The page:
▪ Ivan Bluth Farr (1908-1908)
▪ Deral Winslow Farr (1909-1997)
▪ Maybelle Farr (1911-2003)
▪ Winnifred Farr (1913-2007)
▪ Lawrence Waldo Farr (1915-1957)
▪ Josephine Farr (1917-unknown)
▪ Keith Sawtell Farr (1919-1929)
▪ Azona Farr (1921-unknown)
▪ Nadine Farr (1923-unknown)
▪ Yvonne Farr (1926-unknown)
(4)  Oscar Emanuel Bluth
married Lucy Lavinia Macdonald (1884-1949)
Their children:
▪ Lothaire Bluth, Sr. (1910-1975)
 Fannie V. Bluth (1912-1998)
▪ La Prele Bluth (1914-2002)
▪ Flossie Bluth (1916-living)
▪ Mac Bluth (1918-1998)
▪ Lucy Bluth (1921-1989)
▪ Oscar Emanuel Bluth, Jr. (1922-living)
▪ Gayle Bluth (1925-2013)
▪ Lynden Bluth (1928-1982) 

(5)  Jared William Bluth
Buried in Deming, New Mexico – enroute to Mexico
(6)  Carl Emil Bluth
Married (1) Clara Farnsworth (1886-1958)
Their children:
▪ Emil Carl Bluth (1909-1994)
▪ Genevieve Bluth (1912-1989)
▪ Virgil Roneal Bluth (1914-1999)
▪ Franklin LaMar Bluth (1916-2005)
▪ Ada Bluth (1919-2004)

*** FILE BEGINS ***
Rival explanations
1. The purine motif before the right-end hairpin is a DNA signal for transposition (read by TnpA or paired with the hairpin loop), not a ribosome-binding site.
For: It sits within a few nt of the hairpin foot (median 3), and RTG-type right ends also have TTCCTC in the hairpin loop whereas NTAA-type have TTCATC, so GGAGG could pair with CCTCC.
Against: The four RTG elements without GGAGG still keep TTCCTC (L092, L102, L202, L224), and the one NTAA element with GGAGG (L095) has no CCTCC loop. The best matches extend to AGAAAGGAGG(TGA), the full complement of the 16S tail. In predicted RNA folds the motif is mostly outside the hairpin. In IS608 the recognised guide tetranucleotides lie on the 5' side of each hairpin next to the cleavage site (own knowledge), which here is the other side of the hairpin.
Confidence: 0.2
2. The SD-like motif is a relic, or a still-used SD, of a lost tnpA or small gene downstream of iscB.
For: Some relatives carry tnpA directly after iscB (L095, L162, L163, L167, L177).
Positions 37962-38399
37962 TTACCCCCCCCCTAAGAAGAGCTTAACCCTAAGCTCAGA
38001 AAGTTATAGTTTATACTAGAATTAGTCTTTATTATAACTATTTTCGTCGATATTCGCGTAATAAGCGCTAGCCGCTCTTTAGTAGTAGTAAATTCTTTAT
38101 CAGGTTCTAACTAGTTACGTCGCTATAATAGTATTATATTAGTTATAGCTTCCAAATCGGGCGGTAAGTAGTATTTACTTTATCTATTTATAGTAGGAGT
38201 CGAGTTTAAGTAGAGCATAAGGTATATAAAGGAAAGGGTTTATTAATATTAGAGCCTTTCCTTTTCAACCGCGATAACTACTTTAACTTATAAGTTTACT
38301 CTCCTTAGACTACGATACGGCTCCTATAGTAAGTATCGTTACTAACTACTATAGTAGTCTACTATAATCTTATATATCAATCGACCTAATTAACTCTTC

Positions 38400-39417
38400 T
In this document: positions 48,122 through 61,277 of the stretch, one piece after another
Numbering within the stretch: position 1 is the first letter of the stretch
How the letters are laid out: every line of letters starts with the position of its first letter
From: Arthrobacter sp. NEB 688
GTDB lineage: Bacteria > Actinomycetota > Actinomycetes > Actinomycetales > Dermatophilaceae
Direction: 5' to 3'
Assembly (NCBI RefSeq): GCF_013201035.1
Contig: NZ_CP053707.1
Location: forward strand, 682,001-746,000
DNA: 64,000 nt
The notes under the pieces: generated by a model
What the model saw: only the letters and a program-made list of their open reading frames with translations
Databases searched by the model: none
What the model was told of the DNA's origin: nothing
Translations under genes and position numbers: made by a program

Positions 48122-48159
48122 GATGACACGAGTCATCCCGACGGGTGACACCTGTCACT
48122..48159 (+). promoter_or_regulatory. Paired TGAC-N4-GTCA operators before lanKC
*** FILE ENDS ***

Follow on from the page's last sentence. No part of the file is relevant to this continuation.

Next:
▪ Dewey Clyne Bluth (1922-unknown)
▪ Lloyd Fredrick Bluth (1924-1927)
▪ Ione Bluth (1926-unknown)
Married (2) Margaret Wickel (1900-unknown) – no children

Wife #4 - Sophia Anderson

(1)  Axel Fredrick Bluth
    (1881-1911) (adopted)
 No children
 (2)  Oliver Ferdinand Bluth
Married Agnes Scott (1896-unknown)
 Their children
 ▪ Elaine Bluth (1922-unknown)
 ▪ Oliver Scott Bluth (1924-2014 at 90 years)
 ▪ Rolla Bon Bluth (1927-1979)
 ▪ Jerry Dean Bluth (1930-1947)
 ▪ Rose Lynette Bluth (1938-unknown)

Wife # 5 Hulda Josephine Ossmen
Their children:
(1)  Ellen Josephine Bluth
MarriedThomas Henry Jones (1883-1953)
▪ Josephine Jones (1917-2003)
▪ Lawrence Henry Jones (1920-unknown)
▪ Elma Jane Jones (1922-unknown)
▪ Thomas Ossmen Jones (1924-unknown)                

(2)  Earl Lawrence Bluth
           Infant death


                               By Fannie B. Hatch, his daughter